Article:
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On January 10, 2014, a $1000 U.S. Treasury note sold for $3.29 million. This was the highest recorded sale for a piece of currency. This little piece of paper is the most valuable of its kind.
The 1890 $1000 Treasury note is popularly called the "Grand Watermelon note" because of the design of the zeros—they look much like watermelons.
This same note was sold in 1970 for $11,000.
The last big bills were printed on Dec. 27, 1945. The government asked holders to exchange the large-denomination bills for smaller denominations. Some people held on, as the large ones were increasingly valuable as collectables.
Has holding the bill been a good investment?
Note: Calculating IRR correctly is much the same as correct PV, FV, inflation, and escalation calculations. One must use the correct discount/escalation rate and pay attention to the time periods.
Let's have some fun with "return" calculations. By return, most people use internal rate of return (IRR).
Let's look at the value of the note at four points in time. We can also adjust for inflation in latter years (I was only able to find inflation tables back to 1929 or so). Also, let's compare the Grand Watermelon to a basket of U.S. stocks (the S&P 500) and 10-year U.S. Bonds.
This table is used to calculate the nominal and real returns for the Grand Watermelon note across three and two time periods, respectively. In this context, nominal means actual prices or "money of the day." When we discuss real return, prices, etc., we are talking about calculations based on inflation-adjusted values (i.e., inflation removed, prices adjusted to dollar values at some reference date).
The four dates are:
July 1, 1890 (Jan. 1, 1900 – 3469 days)
Jan 1, 1946 (approximately when big notes were last printed)
July 1, 1970 (approximate date of the prior sale of this Grand Watermelon note)
January 1, 2014, approximate date of the recent sale.
I guestimated that the note appreciated 50% to $1500 in the 55 years since it was printed. And we have the $11k and $2.29m actual auction prices (ignoring fees, taxes, and insurance).
The "Nominal Return" column shows the geometric average return per year during the first 55.5 years. Average nominal return (IRRnom) = (1500/1000)^(1/55.5) – 1 per year.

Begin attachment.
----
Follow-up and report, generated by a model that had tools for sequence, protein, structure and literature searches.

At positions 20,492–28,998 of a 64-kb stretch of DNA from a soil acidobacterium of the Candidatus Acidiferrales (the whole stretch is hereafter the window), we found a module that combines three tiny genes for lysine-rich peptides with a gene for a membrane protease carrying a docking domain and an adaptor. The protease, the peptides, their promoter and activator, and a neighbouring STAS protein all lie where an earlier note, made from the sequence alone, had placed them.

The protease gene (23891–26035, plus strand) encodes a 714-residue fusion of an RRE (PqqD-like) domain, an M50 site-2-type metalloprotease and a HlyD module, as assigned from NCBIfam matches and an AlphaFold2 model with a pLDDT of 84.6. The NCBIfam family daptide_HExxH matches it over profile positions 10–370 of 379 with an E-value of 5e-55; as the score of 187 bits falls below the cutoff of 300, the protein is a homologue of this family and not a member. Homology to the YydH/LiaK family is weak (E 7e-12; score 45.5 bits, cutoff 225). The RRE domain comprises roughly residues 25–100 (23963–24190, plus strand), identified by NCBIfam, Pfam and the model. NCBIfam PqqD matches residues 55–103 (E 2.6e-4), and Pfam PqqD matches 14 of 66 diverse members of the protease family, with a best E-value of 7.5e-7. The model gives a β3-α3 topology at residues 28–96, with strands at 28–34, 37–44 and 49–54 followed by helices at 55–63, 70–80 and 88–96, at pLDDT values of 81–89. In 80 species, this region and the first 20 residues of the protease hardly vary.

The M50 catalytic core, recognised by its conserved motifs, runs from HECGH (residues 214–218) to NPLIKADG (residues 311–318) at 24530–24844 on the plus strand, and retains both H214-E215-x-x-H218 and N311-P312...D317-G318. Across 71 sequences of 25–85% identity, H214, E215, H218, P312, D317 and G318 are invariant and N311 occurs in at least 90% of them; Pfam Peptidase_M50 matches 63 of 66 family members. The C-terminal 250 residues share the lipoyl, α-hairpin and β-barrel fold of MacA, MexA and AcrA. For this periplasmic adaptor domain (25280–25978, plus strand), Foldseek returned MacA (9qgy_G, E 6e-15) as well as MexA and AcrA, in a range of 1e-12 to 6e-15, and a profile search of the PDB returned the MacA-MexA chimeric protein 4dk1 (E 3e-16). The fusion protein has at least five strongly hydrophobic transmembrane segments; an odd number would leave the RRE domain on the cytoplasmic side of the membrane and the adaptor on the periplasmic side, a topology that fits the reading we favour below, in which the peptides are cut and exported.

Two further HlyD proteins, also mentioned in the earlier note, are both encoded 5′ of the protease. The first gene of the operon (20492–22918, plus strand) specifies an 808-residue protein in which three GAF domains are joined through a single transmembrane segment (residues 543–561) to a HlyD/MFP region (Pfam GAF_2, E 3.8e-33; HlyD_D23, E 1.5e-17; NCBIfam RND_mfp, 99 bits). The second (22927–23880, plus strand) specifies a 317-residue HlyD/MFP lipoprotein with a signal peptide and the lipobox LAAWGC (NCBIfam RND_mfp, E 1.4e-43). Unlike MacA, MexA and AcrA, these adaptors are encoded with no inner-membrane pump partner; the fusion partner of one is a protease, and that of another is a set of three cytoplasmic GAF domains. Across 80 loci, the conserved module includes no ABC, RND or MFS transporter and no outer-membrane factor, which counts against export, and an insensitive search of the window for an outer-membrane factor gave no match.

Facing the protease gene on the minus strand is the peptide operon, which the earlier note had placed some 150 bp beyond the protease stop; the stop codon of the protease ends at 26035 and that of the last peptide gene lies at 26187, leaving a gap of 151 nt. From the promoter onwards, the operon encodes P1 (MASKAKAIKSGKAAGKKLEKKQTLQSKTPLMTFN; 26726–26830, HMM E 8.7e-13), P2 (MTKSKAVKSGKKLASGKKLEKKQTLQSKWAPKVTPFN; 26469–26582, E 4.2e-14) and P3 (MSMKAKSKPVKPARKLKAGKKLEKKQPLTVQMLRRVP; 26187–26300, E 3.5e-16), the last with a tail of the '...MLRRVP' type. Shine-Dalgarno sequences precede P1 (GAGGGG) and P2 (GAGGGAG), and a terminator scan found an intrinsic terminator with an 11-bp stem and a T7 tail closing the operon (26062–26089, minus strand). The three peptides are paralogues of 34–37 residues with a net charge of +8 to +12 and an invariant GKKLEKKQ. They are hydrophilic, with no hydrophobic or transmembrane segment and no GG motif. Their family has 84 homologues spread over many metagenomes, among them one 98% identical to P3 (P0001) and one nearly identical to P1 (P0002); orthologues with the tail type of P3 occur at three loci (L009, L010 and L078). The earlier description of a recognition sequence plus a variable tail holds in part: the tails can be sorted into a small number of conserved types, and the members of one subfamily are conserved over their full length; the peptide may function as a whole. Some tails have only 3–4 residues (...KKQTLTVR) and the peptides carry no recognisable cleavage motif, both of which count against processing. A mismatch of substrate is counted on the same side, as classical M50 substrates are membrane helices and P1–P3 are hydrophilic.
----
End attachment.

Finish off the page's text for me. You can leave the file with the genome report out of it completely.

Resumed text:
The nominal return for the next 24.5 years was IRRnom = ($11,000 / $1,500)^(1/24.5) – 1. = .085 per year. Not bad.
Over the last 43.5 years, IRRnom = ($3.29 million / $11,000)^(1/43.5) – 1 = .140/year. Excellent!
I was unable to find inflation data back to 1890, as represented by the Consumer Price Index (CPI). So let's use only the CPI for years after 1946. Column C shows an "inflation deflator" with value adjusted so that January 1, 1946 represents 1. The nominal values (Col. B) divided by the CPI index provides the real prices (relative to 1946) in column G. Using similar IRR calculation we see the real returns (IRRreal)for the last two segments in Col. H. Holding this note has worked out well for the owners during 1946-2014.
The S&P500 is an index of a basket of large U.S. companies. I added-in dividends so we would have a total return index for the S&P 500 stocks.
Was holding the Grand Watermelon note a good decision? We can't say, because we don't know the values and judgments of the owners at the time they made the acquisitions.
What we can say is that it appears the owners realized good outcomes. The real return for note ownership during the past 68 years has been .068/year. This beats the .055/year real return for the S&P 500. 10-year Treasury Bills, by contrast, yielded only a .018/year return.
If you want to check my numbers and see how these calculations work, the spreadsheet is available at: http://www.maxvalue.com/IRR_GrandWatermelon.xlsx
—John Schuyler, Jan 2014, Revised Jan 2015
Copyright © 2014-2015 by John R. Schuyler. All rights reserved. www.maxvalue.com Permission to copy with reproduction of this notice.